New species of sea slug discovered in UK waters

1 March 2024

Side-gill sea slug

An exciting discovery has been made by researchers in the waters off the southwest coast of England. A new species of sea slug, named Pleurobranchaea britannica, has been identified by scientists from the Centre for Environment, Fisheries and Aquaculture Science (CEFAS) and the University of Cadiz, Spain.

Measuring between two and five centimetres long, Pleurobranchaea britannica is a type of side-gill sea slug. Specimens of this newly classified species were collected during routine fisheries surveys conducted by Cefas, and the Instituto Español de Oceanografía in 2018 and 2019 off southwest England and in the Gulf of Cadiz, southwest Spain.

Initially, given the presence of the distinctive side-gill on the right side of the body Cefas scientists tentatively identified the specimens as Pleurobranchaea meckeli, a well-known species of the Pleurobranchaea genus typically found in waters around northern Spain to Senegal and across the Mediterranean Sea. However, no previous records of the species in UK waters existed, raising questions around its identity.

After a long search to find experts specialising in this type of sea slug, the specimens were sent to a team of scientists in Spain for further investigation.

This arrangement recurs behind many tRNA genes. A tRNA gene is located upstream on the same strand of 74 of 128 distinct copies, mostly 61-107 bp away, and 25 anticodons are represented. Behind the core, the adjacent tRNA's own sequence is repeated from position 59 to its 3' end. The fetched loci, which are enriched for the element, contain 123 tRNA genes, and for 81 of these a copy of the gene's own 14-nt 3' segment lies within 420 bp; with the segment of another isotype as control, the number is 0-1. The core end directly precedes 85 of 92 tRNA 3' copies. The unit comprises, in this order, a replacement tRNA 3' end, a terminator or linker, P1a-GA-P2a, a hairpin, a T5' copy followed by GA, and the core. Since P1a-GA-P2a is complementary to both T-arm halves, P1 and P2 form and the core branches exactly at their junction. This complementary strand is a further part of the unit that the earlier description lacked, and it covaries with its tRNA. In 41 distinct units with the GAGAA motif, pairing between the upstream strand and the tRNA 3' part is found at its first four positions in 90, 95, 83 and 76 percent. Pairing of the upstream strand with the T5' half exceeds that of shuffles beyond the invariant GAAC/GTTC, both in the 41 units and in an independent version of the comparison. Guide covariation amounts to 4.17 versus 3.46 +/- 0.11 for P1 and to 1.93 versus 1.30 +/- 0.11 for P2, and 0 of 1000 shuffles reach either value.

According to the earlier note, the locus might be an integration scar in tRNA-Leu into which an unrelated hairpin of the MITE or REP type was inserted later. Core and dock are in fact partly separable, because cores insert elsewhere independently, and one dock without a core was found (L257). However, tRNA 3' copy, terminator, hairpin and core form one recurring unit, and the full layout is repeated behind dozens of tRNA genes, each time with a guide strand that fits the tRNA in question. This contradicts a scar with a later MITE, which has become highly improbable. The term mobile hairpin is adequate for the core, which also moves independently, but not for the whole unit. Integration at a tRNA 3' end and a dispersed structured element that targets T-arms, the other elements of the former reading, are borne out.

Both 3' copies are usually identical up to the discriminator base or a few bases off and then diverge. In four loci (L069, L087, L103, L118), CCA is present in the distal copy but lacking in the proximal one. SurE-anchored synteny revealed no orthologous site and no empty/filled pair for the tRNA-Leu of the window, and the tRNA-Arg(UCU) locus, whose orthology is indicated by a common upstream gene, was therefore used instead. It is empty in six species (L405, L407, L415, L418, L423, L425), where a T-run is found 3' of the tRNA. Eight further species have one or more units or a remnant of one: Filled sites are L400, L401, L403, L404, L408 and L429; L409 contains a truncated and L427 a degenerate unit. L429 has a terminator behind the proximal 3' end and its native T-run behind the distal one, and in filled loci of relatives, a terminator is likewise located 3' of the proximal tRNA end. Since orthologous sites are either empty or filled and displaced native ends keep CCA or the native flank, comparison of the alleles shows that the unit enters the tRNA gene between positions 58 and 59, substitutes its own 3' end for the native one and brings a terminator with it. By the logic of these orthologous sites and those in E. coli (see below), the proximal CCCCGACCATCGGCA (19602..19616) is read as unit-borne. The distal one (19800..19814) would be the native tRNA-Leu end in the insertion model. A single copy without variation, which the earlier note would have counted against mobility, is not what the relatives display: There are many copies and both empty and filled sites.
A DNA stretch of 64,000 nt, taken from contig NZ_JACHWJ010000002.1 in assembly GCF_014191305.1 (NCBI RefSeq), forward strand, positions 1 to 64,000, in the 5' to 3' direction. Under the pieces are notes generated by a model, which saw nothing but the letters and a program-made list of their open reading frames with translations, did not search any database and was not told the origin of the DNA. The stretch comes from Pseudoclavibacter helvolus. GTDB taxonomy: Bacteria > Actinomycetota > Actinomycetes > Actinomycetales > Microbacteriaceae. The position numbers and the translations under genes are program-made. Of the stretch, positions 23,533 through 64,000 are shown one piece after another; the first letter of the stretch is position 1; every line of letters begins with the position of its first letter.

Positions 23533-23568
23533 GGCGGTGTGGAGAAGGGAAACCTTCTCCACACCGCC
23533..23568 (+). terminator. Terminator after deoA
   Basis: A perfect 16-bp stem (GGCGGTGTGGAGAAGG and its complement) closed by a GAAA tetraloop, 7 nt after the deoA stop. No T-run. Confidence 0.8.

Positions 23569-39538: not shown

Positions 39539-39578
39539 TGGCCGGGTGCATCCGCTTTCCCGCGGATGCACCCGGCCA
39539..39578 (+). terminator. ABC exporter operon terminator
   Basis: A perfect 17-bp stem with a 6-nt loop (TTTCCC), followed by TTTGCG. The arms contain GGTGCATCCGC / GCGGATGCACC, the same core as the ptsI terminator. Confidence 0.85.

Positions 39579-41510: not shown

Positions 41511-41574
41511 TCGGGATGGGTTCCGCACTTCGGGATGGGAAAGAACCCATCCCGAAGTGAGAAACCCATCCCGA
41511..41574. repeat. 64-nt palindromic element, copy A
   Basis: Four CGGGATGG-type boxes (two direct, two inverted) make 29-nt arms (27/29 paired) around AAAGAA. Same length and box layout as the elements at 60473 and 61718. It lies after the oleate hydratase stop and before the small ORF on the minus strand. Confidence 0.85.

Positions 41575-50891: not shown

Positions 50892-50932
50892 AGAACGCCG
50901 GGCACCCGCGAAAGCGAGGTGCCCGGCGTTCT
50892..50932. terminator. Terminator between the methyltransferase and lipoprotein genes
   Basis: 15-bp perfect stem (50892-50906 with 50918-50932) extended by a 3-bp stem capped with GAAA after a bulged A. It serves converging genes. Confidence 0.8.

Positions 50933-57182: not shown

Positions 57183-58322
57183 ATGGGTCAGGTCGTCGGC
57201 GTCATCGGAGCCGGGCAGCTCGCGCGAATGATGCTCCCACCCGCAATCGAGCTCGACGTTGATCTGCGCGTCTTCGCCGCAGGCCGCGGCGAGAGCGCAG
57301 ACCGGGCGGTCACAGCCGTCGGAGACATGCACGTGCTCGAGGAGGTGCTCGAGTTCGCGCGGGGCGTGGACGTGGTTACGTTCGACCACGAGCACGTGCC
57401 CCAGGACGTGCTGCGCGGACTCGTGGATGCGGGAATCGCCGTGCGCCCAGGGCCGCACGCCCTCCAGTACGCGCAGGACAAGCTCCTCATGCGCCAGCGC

Analysis conducted by the University of Cádiz revealed that the specimens indeed represented a new species. An examination of the DNA, as well as the identification of physical differences in the appearance and reproductive systems when compared to known species, supported the classification of Pleurobranchaea britannica as a standalone species.

The discovery marks the first recorded instance of a sea slug from the Pleurobranchaea genus in UK waters. Scientists believe that this new species could potentially be found from as far south as Spain and Portugal, around the French coast and up to the southwest of the English Channel. 

A type of shell-less marine mollusc, sea slugs are an extraordinarily diverse group of animals. Being at the top of the food chain and functioning as both predators and prey, they are essential to marine ecosystems. To protect themselves from predators, several species specialise in recycling parts of the animals they prey on. For instance, absorbing toxins from certain prey and secreting the poison into their own skin. Their sensitivity to environmental changes makes them valuable indicators of ecosystem health, helping scientists understand the impacts of climate change and human activities on marine habitats.